Approval of Bee-Killing Pesticides Challenged in Court
Environmental and food safety groups yesterday challenged California’s illegal practice of approving new agricultural uses for neonicotinoid pesticides despite mounting evidence that the pesticides are devastating honey bees.
Pesticide Action Network, Center for Food Safety and Beyond Pesticides, represented by Earthjustice, filed the legal challenge in the California Superior Court for the County of Alameda, urging the California Department of Pesticide Regulation (DPR) to stop approving neonicotinoid pesticides pending its completion of a comprehensive scientific review of impacts to honeybees. The DPR began its scientific review in early 2009 after it received evidence that neonicotinoids are killing bees, but five years later, the DPR has yet to take meaningful action to protect bees.
Meanwhile, the DPR has continued to allow increased use of neonicotinoids in California. Yesterday’s lawsuit challenges the DPR’s June 13 decision to expand the use of two powerful neonicotinoid insecticides—sold under the trademarks Venom Insecticide and Dinotefuran 20SG —despite the agency’s still-pending review of impacts to pollinators. The case underscores these larger problems with the DPR’s unwillingness to comply with laws enacted to ensure that pesticides do not threaten human health, agriculture or the environment.
“State officials have approved pesticides time and time again, despite mounting scientific research and real-world evidence that neonicotinoids pose harm to bees,” said Paul Towers, organizing and media director for Pesticide Action Network. “With no action in sight, we must take the state to court to protect bees, beekeepers and our food system.”
A growing body of independent science links a class of pesticides called neonicotinoids (neonics) to bee declines, both alone and in combination with other factors like disease and malnutrition. Twenty-nine independent scientists conducted a global review of 800 independent studies and found overwhelming evidence of pesticides linked to bee declines. Oregon officials also determined the neonic dinotefuran was the cause of two massive bumblebee kills in the state last year. In February 2014, the groups submitted a letter calling on the California DPR not to allow greater use of this pesticide.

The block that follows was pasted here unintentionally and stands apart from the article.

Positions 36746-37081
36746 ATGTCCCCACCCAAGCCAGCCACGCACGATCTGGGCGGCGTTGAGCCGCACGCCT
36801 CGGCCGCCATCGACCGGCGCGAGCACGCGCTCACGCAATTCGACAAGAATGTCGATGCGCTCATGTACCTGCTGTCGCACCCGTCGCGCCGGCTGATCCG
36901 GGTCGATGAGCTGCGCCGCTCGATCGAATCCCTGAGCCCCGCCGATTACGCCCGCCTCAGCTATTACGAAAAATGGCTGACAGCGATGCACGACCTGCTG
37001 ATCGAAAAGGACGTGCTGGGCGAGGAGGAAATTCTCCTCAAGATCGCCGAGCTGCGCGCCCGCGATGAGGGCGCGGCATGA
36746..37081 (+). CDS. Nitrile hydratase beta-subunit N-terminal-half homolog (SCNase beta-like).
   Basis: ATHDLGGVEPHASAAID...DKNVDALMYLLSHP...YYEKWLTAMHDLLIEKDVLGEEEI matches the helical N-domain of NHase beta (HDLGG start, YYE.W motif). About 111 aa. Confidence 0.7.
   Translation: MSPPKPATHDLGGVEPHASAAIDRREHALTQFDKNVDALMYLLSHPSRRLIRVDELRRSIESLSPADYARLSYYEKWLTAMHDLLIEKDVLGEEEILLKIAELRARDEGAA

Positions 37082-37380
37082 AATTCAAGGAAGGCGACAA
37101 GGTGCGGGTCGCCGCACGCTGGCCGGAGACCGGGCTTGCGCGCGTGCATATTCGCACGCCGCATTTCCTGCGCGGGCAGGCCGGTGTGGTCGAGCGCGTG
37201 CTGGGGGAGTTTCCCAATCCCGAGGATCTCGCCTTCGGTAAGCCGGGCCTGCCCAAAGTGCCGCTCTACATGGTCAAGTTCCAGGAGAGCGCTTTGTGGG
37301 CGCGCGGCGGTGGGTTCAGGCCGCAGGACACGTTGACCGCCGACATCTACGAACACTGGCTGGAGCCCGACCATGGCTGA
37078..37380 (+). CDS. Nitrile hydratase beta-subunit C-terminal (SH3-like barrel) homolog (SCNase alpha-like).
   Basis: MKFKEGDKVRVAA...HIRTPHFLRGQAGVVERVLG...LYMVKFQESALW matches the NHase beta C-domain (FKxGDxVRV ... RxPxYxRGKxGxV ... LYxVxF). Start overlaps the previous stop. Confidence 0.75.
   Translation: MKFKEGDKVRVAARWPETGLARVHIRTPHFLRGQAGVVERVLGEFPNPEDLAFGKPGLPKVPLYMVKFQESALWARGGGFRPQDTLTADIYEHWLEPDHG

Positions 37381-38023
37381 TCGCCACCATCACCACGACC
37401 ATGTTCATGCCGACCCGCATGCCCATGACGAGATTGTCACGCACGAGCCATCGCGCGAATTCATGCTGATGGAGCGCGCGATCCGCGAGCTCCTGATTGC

“Unless halted, the use of these pesticides threatens not only the very survival of our pollinators, but the fate of whole ecosystems,” said Andrew Kimbrell, executive director of Center for Food Safety. “Scientists have consistently documented widespread environmental contamination from neonicotinoids as they build up in our soil and waterways, especially in California. The DPR has a responsibility to step in and say no,”
“Bee and other pollinator populations are declining at unprecedented rates,” said Jay Feldman, executive director of Beyond Pesticides. “They cannot afford to be subject to a toxic treadmill that fails to consider the full spectrum of cumulative impacts and risks threatening their very existence. The treadmill must be stopped.”
“DPR has been saying for five years that neonicotinoid pesticides may be killing California’s honey bees, and yet the agency allows more and more of these pesticides to be used each year,” said Greg Loarie, an attorney at Earthjustice representing the groups who filed yesterday’s lawsuit. “It’s past time for DPR to fix its broken evaluation system and protect our bees and our agricultural economy. It obviously will take legal action to accomplish this.”
One in every three bites of food depends on bees for pollination, and the annual value of pollination services worldwide are estimated at more than $125 billion. In the U.S., pollination contributes $20-30 billion in agricultural production annually. And in California alone, almonds crops—entirely dependent on bees for pollination—are valued at more than $3 billion.